Chuck Fletcher makes his mark on the Flyers
This is no longer Ron Hextall’s team. Nor does it resemble Ron Hextall’s team. It took three offseasons and a frustratingly disappointing season, but this is now Chuck Fletcher’s team. Fletcher dug his claws into the roster and now has his fingerprints all over the Flyers.
Sure, there are still several holdovers from Hextall’s tenure, but Fletcher (in most cases) made the decision to keep them.
Claude Giroux wasn’t going anywhere, but Fletcher had the chance to shop (or dump) any of James van Riemsdyk, Travis Konecny, Nicolas Aube-Kubel, Ivan Provorov, or Travis Sanheim this offseason. Hell, Fletcher committed five years to Scott Laughton –– a Ron Hextall reclamation projected –– rather than trading him at the deadline. We can even throw in Samuel Morin onto the list, who the Flyers could’ve let walk this summer.
In an attempt to change the team both on and off the ice, Fletcher made a few big decisions to trade away longtime Flyer Jakub Voracek, promising young defenseman Philippe Myers, and former No. 2 overall pick Nolan Patrick. He also shipped out Shayne Gostisbehere –– for nothing in return –– and Robert Hagg.
Voracek could’ve easily stayed on the roster as a top-six forward next season. However, Fletcher got a two-way, shoot-first winger in Cam Atkinson for him. Voracek may end up with more points on the season, but it’s a trade to fulfill Fletcher’s offseason wishlist.
The same goes for Myers and Patrick. Myers still may pan out to be a top-four defenseman, but Fletcher didn’t want to wait for that. He packaged Myers and Patrick –– another player that has plenty of time to find his game –– for Ryan Ellis. Ellis is as much of a sure thing as you can get in the NHL as a right-shot defenseman for the top pair.
Gostisbehere seemed to have worn out his welcome in Philadelphia. He was one of the best young defensemen in the game a handful of years ago, but injuries have taken a toll on him. He could’ve been a third-pair, power-play specialist for the Flyers, but Fletcher wanted to use that $4.5 million elsewhere –– and signed Keith Yandle for 20% of Gostisbehere’s salary.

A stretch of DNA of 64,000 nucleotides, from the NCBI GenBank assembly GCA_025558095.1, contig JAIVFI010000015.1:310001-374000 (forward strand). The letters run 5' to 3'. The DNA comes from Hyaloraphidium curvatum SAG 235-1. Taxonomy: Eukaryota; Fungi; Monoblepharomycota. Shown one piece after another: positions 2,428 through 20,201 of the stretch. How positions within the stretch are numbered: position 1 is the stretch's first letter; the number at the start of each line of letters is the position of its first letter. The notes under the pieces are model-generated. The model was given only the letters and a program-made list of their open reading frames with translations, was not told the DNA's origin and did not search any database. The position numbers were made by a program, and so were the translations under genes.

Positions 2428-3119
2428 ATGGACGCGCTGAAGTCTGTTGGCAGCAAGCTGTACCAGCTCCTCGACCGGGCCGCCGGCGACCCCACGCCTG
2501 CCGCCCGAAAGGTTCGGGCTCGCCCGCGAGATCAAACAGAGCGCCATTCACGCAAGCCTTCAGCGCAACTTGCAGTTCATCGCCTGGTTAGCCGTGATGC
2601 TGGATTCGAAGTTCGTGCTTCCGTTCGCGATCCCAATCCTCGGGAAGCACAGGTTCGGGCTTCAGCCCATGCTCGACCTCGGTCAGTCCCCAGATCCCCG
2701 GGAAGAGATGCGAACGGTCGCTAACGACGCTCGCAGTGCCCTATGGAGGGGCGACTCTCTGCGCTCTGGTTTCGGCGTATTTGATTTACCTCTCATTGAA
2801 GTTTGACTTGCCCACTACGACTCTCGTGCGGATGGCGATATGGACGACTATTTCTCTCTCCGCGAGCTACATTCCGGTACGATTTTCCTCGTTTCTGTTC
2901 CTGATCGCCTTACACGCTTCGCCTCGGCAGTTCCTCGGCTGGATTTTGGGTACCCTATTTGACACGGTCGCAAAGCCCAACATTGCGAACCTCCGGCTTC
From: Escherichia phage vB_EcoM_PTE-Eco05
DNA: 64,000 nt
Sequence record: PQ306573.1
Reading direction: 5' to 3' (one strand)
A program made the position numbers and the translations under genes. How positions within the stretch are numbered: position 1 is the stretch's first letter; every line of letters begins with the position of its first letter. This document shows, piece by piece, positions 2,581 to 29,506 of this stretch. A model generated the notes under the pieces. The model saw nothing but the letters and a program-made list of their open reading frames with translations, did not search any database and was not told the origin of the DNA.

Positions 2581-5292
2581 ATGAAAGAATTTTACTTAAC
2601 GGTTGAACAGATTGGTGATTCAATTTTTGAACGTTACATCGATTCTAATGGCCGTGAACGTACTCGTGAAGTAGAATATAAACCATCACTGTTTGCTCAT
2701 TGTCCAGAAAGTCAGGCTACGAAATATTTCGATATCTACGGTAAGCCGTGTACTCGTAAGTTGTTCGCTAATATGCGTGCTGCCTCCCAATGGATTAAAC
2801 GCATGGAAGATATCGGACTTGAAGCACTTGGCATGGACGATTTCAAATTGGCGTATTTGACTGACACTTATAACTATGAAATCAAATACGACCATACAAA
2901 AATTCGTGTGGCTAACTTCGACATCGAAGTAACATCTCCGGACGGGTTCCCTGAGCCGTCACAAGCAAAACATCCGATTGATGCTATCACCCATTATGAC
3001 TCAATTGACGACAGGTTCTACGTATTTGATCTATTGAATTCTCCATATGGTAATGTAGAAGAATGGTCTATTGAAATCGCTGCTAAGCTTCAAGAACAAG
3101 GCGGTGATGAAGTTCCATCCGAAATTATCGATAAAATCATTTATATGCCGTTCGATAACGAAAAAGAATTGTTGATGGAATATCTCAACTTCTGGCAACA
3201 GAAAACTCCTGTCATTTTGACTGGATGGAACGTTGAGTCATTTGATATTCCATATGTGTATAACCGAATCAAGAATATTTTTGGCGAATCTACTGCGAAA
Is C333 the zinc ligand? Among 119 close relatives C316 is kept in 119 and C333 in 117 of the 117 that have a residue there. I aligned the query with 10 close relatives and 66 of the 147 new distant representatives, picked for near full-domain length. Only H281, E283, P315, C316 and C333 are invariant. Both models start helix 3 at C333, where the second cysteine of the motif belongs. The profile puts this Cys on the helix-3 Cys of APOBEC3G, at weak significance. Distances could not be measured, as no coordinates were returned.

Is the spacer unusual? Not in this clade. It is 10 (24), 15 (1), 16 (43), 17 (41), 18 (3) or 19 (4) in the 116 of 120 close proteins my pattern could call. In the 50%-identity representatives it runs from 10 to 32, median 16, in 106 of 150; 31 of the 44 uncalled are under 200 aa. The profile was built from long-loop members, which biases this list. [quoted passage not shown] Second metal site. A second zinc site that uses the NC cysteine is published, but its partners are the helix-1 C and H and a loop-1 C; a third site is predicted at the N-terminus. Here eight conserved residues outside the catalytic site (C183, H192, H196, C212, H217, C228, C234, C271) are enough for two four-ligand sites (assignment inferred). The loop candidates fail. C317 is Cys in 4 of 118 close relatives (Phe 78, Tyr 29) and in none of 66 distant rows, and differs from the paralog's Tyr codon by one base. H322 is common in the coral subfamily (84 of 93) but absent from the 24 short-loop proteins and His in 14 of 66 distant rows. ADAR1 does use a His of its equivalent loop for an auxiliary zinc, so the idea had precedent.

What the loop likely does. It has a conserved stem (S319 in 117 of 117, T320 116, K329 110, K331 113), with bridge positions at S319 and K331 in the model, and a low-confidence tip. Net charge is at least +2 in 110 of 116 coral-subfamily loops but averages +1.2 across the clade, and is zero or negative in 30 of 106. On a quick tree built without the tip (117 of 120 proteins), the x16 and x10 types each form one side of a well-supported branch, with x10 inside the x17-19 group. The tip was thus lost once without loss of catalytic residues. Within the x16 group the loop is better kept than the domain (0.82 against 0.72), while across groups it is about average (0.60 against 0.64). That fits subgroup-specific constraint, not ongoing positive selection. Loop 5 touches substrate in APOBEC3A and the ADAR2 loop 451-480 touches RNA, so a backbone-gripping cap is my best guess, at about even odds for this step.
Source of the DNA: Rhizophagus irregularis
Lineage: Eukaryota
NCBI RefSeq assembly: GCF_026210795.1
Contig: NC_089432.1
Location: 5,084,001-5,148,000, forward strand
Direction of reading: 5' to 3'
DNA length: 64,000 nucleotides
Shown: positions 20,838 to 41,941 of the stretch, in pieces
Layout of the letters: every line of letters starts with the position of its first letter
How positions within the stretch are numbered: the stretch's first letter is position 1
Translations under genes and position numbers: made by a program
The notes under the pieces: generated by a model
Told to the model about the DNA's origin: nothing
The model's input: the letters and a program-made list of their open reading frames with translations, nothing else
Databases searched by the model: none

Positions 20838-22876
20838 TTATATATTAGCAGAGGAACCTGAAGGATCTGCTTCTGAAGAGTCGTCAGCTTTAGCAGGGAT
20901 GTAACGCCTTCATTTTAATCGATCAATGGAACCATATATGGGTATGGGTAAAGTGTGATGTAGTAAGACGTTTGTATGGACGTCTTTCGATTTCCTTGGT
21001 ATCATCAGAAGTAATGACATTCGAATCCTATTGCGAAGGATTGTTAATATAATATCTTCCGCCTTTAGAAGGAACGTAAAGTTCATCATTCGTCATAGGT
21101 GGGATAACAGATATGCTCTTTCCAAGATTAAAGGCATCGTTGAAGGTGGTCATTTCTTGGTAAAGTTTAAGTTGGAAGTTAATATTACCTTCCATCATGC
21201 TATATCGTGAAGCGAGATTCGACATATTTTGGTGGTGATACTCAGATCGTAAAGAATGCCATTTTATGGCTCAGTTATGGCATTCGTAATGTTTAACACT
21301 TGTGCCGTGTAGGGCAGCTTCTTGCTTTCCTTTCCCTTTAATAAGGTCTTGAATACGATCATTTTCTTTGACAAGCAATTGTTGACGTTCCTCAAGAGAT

Hagg settled in as a third-pair depth defenseman for the Flyers. He could’ve filled that role again with Braun on the second pair, but Fletcher wasn’t taking another chance on defense. He acquired Rasmus Ristolainen for Hagg and a few draft picks –– including the first-rounder this year. Ristolainen is a polarizing defenseman that was in over his head in Buffalo. Fletcher is hoping that Ristolainen can grade out better in a more optimal role for him.
Nevertheless, it was an offseason of change for the Flyers. And it’s not an offseason that many will soon forget. It’s destined to be the beginning of something. It could be the beginning of the Flyers becoming true contenders, or the beginning of the end for Fletcher and some of the Flyers’ key veterans with Giroux and Sean Couturier set to hit free agency next summer.
Usher in the Chuck Fletcher Era?
This is Chuck Fletcher’s team now, for better or for worse.
The Flyers’ key forwards in the top six were either directly acquired by Fletcher (Cam Atkinson, Kevin Hayes) or weren’t traded despite being in some rumors (Travis Konecny, Joel Farabee). In the bottom six, it’s going to be more of the same with Fletcher’s five-year contract to Scott Laughton, Aube-Kubel protected in the expansion draft, and a few youngsters and veterans (Nate Thompson) battling for roster spots.
On defense, Ivan Provorov and Ryan Ellis should make up the top pair. I’m not sure if the Flyers would’ve considered trading Provorov, but getting someone like Ellis to pair with him was a crucial decision by Fletcher. Travis Sanheim and Rasmus Ristolainen should be the second pair. Ristolainen is obviously a Fletcher acquisition and there were some whispers that Sanheim could get moved. After that, Keith Yandle, Justin Braun, and Cameron York will be in the mix for the bottom pair.
It’s not just about the players individually, but the team as a whole. Fletcher brought in experienced veterans that have been leaders in locker rooms before. On top of that, all of the changes made the Flyers harder to play against and, most importantly, harder to score against.
Ron Hextall laid out his blueprint seven years ago. Three years ago, Fletcher examined the blueprint and made some changes in the coming months. He kept some of the same plans but tweaked things as he could.
Now, after the Flyers’ most active offseason in the past decade, this is Chuck Fletcher’s team. This season is going to go a long way in determining the future of the Flyers.